To put things into perspective and provide a different angle on the topic, it is important to provide more details on how procyclicality is defined within the risk framework of Eurex Clearing. Procyclicality of initial margin is its variability originating from the model-induced perception of the risk of an instrument or portfolio of instruments. The model specific impact represents the change in initial margin that can be attributed to the risk model only. This means that effects resulting from changes in the portfolio, moneyness drift over time due to market level changes, or any life-cycle events such as expiries are to be excluded. As such, this stricter measurement of procyclicality should be performed by applying as much as possible the following guiding principles:
The backtesting approach and related model KPIs introduced in the previous section provide an insight into productive margin figures and allow market participants to have an appreciation of the output of the Prisma Initial Margin model when applied to listed option contracts. At the same time, some of the guidelines above cannot always be met as, for instance, base market levels do vary, and the constant exposure is only approximated by the instruments listed on the exchange due to non-continuous strike ranges and discrete expiries. For this reason, a supplementary backtesting approach is presented and published. In this instance, the option contract that best approximates each trading strategy presented earlier is chosen as of 30th June 2023. Then, the portfolio characteristics, the base market data and the initial margin model parametrization are frozen as of the same date such that the backtesting exercise is rolled out in the past considering only the dynamics over time of the underlying risk factors. For this purpose, a second Excel worksheet (“Option_backtesting_disclosure_FixedPortfolioBacktest.xlsx”) is provided with the same format as the one introduced earlier.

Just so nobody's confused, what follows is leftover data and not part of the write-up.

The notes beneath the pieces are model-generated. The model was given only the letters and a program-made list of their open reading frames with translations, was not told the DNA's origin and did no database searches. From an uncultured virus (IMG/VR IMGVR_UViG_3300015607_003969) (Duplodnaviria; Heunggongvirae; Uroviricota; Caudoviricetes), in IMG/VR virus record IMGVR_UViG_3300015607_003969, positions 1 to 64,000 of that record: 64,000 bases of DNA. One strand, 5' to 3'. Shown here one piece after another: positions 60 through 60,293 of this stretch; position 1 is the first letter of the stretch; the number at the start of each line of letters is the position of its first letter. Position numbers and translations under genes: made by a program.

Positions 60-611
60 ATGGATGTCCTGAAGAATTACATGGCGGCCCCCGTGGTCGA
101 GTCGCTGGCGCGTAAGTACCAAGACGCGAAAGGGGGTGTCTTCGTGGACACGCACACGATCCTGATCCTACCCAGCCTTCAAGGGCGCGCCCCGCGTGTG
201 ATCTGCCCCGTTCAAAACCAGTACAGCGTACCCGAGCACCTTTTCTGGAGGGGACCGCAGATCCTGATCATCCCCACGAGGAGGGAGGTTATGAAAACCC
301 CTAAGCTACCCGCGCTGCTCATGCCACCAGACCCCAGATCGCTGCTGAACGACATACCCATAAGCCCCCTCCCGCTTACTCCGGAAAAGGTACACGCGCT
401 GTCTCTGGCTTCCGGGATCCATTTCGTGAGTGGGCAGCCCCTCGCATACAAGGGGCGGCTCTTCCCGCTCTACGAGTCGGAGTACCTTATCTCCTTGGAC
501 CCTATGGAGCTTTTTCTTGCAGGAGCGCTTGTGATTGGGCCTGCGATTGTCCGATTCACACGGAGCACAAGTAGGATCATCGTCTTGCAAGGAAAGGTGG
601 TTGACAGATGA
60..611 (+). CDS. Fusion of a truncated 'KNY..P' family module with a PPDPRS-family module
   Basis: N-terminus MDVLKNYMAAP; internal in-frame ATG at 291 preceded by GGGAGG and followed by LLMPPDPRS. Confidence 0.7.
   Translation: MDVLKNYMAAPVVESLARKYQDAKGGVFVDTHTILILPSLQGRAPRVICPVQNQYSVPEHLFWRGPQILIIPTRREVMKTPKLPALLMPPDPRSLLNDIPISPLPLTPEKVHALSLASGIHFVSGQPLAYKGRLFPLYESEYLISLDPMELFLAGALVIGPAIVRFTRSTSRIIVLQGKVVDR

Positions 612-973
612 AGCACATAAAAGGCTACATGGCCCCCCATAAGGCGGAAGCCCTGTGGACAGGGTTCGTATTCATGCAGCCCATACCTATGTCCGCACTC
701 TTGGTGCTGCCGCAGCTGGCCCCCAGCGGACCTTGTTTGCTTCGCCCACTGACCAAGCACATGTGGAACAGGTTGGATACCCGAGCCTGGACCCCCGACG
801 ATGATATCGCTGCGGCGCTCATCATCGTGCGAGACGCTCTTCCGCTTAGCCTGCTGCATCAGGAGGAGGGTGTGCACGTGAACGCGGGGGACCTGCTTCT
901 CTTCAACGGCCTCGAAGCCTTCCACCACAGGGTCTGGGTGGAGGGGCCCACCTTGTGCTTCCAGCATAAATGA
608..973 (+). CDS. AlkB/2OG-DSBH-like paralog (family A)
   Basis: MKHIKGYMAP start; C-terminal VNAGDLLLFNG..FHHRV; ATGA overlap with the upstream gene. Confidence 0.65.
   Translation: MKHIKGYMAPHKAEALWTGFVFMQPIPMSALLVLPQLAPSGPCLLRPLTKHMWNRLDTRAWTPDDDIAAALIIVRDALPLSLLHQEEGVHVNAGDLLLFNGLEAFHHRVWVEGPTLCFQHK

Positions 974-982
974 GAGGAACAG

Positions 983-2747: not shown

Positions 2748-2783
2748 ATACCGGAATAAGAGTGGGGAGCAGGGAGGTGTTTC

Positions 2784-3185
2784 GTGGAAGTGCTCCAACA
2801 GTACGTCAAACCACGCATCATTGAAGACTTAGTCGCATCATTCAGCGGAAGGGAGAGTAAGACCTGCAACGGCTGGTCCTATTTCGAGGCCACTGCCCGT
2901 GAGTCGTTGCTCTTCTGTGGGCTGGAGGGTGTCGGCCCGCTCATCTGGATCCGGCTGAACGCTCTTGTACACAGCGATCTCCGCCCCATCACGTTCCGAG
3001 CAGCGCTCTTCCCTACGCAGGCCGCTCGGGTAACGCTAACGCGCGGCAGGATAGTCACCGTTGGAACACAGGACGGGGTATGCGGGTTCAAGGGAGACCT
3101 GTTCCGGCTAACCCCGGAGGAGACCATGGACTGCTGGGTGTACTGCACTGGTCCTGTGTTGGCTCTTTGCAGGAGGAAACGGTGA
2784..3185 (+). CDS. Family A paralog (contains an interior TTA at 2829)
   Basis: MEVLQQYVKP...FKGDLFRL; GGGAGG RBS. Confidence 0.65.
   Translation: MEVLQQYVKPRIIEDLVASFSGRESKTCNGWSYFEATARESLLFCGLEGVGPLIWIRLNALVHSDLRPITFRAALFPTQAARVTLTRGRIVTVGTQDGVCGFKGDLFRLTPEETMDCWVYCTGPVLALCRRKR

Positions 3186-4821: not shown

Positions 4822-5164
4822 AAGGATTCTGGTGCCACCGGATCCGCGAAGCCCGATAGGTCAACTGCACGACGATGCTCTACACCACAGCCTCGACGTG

Figure 1 above depicts the margin development of a 90-day ATM option risk profile for OESX calculated using daily rebalancing of on-exchange options. The model specific impact on the evolution of the margin requirement is instead illustrated in Figure 2. The difference between the two graphs allows to gauge the effect that changing market levels, portfolio rebalancing or life-cycle events can have on the resulting margins. One may also notice a flat margin evolution on certain time windows. This is due to freezing also the model parametrization besides the above-mentioned characteristics.
Response of margins to market shock
The evolution of margin requirements into the future following a market event has gained importance following the recent crises, which brought the performance and procyclicality of risk models to the forefront of industry discussions.
In Part 8 of the Pioneering CCP Transparency Eurex introduced a historical replay analysis of margin sensitivity to crisis scenarios. We have taken actual time series of daily returns from historical crises and applied them to a recent reference date to simulate what would happen to the margins if one of the past crises happened again. This is long-term simulation of margin evolution over 6 months capturing not only a single largest market shock but also build-up and aftermath. In this publication we provide updates of these simulations with a recent reference date. The Excel file Product_margin_simulation_disclosure_Q3_2022.xlsx discloses the product level margin simulation figures as well as APC KPI metrics for Eurex benchmark products, which help to gauge potential market variability.
A similar and valid question is to ask how margins react to a single market shock scenario and how it affects margin levels over the ensuing few days. To achieve this, we apply 1-day shocks to the market of varying magnitudes: for Exchange Traded Derivatives from –10% to +10%, while for OTC IRS the market shocks range from –100bps to +100bps. Margin simulation is then continued for further two weeks assuming zero shifts in market variables to replicate a calm market environment. This simulation provides insights about the potential liquidity needs arising from increase in initial margin in case of a market shock of a given size.
In line with the structure presented so far for the other disclosures, the Excel file Product_margin_response_disclosure_Q2_2023.xlsx provides the simulated margin requirements for each respective product under the various market shocks. Plots such as Figure 3 accompany the disclosed data and illustrate graphically the potential changes in margin requirements.
Contents of extended transparency publication
The bulk of this publication is a package of materials in a zip file. The package contains the following Excel files: